Wednesday, January 22, 2014

April Smith's "A Star for Mrs. Blake"

April Smith has traveled to every location she writes about in her books, from the Dominican Republic to Siena, Italy, to Meuse-Argonne, France. She takes pictures and talks to people and just wanders. Back home, she outlines the story on a white board, stepping back to see the whole, and then begins writing chapters, often out of order, according to what presents itself that day. It’s a process of both intuition and will that can take from two to twenty-five years, as was the case in A Star For Mrs. Blake.

Aside from her newest work of historical fiction, Smith is the author of the FBI Special Agent Ana Grey novels, a standalone thriller featuring a woman baseball scout, and is an Emmy-nominated writer and producer of dramatic series and movies for television. She has two grown children and lives with her husband in Santa Monica, California.

Here Smith shares some ideas about adapting A Star For Mrs. Blake for the big screen:
Yes, well, we can wish, but in fact casting a movie is almost never based on ‘who is best for the role’ rather, who is available and how much will it cost? Oh, and who has the right political connections to make it happen? I know this from having written and produced a dozen TV movies as well as episodic series.

As a writer, your original vision of the character is quickly morphed by twenty-five other people – agents, executives, directors, folks passing by in the hallways – into what is expedient and what will appeal to the alleged demographic in that time slot. In television that means a TV star –not a film star -- unless you’re working with one of the classier cable nets or have a strong producer who will insist on the right match.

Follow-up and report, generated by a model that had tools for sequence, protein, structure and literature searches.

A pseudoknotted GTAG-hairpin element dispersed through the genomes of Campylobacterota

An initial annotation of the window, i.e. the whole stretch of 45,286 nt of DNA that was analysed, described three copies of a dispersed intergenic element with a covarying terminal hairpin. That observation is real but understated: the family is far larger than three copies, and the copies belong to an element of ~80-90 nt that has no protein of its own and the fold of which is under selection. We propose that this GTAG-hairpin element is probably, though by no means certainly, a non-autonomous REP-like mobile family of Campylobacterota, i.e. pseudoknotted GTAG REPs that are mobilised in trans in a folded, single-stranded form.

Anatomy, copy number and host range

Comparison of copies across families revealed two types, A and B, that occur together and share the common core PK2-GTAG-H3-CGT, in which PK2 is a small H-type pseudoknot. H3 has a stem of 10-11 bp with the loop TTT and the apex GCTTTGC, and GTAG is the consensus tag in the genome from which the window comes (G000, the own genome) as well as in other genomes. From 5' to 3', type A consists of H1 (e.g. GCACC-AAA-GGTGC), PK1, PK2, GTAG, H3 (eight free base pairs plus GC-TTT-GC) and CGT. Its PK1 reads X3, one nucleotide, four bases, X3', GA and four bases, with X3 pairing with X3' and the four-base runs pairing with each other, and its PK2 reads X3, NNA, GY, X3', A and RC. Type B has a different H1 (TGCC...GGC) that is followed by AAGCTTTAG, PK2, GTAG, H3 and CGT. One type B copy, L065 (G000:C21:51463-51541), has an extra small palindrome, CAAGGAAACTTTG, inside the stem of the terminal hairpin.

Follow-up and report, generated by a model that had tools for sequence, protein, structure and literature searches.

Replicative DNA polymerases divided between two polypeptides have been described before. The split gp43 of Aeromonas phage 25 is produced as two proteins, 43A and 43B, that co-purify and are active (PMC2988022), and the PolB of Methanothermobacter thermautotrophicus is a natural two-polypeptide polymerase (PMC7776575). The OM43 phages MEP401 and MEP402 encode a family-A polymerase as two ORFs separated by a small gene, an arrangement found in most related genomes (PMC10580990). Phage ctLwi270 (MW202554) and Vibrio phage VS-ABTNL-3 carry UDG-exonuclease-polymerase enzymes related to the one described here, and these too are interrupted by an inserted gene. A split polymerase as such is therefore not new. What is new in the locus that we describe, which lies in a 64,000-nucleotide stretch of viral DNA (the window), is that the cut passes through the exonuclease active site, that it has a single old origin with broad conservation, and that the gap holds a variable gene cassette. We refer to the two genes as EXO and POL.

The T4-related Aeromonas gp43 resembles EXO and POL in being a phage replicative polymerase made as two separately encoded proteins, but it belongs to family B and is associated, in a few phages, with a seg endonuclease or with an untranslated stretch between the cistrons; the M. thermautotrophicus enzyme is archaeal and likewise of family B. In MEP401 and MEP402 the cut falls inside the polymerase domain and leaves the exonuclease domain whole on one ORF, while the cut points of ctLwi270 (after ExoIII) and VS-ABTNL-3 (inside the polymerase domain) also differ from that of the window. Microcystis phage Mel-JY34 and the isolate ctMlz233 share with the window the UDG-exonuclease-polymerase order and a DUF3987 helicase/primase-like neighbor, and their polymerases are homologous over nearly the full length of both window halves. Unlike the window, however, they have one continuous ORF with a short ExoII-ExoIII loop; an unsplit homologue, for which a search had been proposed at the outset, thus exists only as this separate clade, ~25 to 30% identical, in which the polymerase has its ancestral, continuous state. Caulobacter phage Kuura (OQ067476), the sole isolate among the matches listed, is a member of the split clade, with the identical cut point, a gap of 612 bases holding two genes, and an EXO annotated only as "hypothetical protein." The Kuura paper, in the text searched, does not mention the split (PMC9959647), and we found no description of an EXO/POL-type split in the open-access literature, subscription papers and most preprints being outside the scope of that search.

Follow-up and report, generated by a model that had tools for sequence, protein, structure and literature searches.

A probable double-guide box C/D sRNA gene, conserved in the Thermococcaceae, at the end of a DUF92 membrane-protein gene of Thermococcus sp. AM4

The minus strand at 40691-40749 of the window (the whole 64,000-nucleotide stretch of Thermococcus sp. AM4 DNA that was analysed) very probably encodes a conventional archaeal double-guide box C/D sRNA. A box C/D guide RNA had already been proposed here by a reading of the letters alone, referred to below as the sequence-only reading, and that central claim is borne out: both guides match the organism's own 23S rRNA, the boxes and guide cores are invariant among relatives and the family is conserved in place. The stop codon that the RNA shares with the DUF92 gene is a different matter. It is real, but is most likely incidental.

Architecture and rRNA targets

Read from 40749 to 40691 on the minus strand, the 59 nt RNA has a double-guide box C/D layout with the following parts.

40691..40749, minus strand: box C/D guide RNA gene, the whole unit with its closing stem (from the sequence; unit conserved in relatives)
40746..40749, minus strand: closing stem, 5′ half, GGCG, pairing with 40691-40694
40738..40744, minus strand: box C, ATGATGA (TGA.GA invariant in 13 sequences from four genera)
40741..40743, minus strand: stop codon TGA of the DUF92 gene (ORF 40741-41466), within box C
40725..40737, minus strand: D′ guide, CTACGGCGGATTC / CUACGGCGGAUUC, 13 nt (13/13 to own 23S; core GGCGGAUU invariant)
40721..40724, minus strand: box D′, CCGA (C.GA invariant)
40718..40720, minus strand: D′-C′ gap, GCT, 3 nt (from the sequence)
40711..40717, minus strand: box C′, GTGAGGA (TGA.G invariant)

I’ve been fantastically lucky in that regard. Kirk Douglas, William H. Macy, Jackie McKenzie, Richard Thomas, Greta Scacchi, Patty Duke Astin, Mandy Patinkin, Claire Bloom, Mia Sara, Edward Asner, Ed Harris, Mary Stuart Masterson, Christine Lahti, Sam Waterston, Jeff Goldblum are among the fine actors with whom I have had the privilege of working. When TNT cast Catherine Bell as FBI Special Agent Ana Grey in the 2011 TV adaptation of my novel, Good Morning, Killer, which I wrote and exec produced, I was in heaven. For years people told me the role was not castable because Ana Grey is biracial – half white, half Hispanic – and the wisdom was “there are no Hispanic actresses who can play the lead” – but it ended up being played by a woman of Persian decent, and she was perfect!

As William Goldman famously said, “Nobody knows anything.”

If A Star For Mrs. Blake were adapted as a feature film it would need an experienced director with sensitivity as well as being a strong, muscular storyteller. It’s a period piece that takes place in 1931 with an ensemble cast of five American women who travel to France to visit the graves of their sons who were killed in WWI. The locations are lush – the coast of Maine, New York City, Paris, Verdun and the French countryside as well as the Meuse-Argonne Cemetery -- so you’d want a visual artist – as well as someone who can direct a scene that makes you laugh and makes you cry. Several names come to mind, not in any particular order: Jane Campion, Joe Wright, Paul Greengrass, John Madden, Mike Newell, David Fincher.

As for who should play the role of Cora Blake – I wouldn’t speculate. Just my luck we’d offer it to an actress who’d read this blog, didn’t see her name here, got all huffy -- and Pasadena.
Visit April Smith's website.

--Marshal Zeringue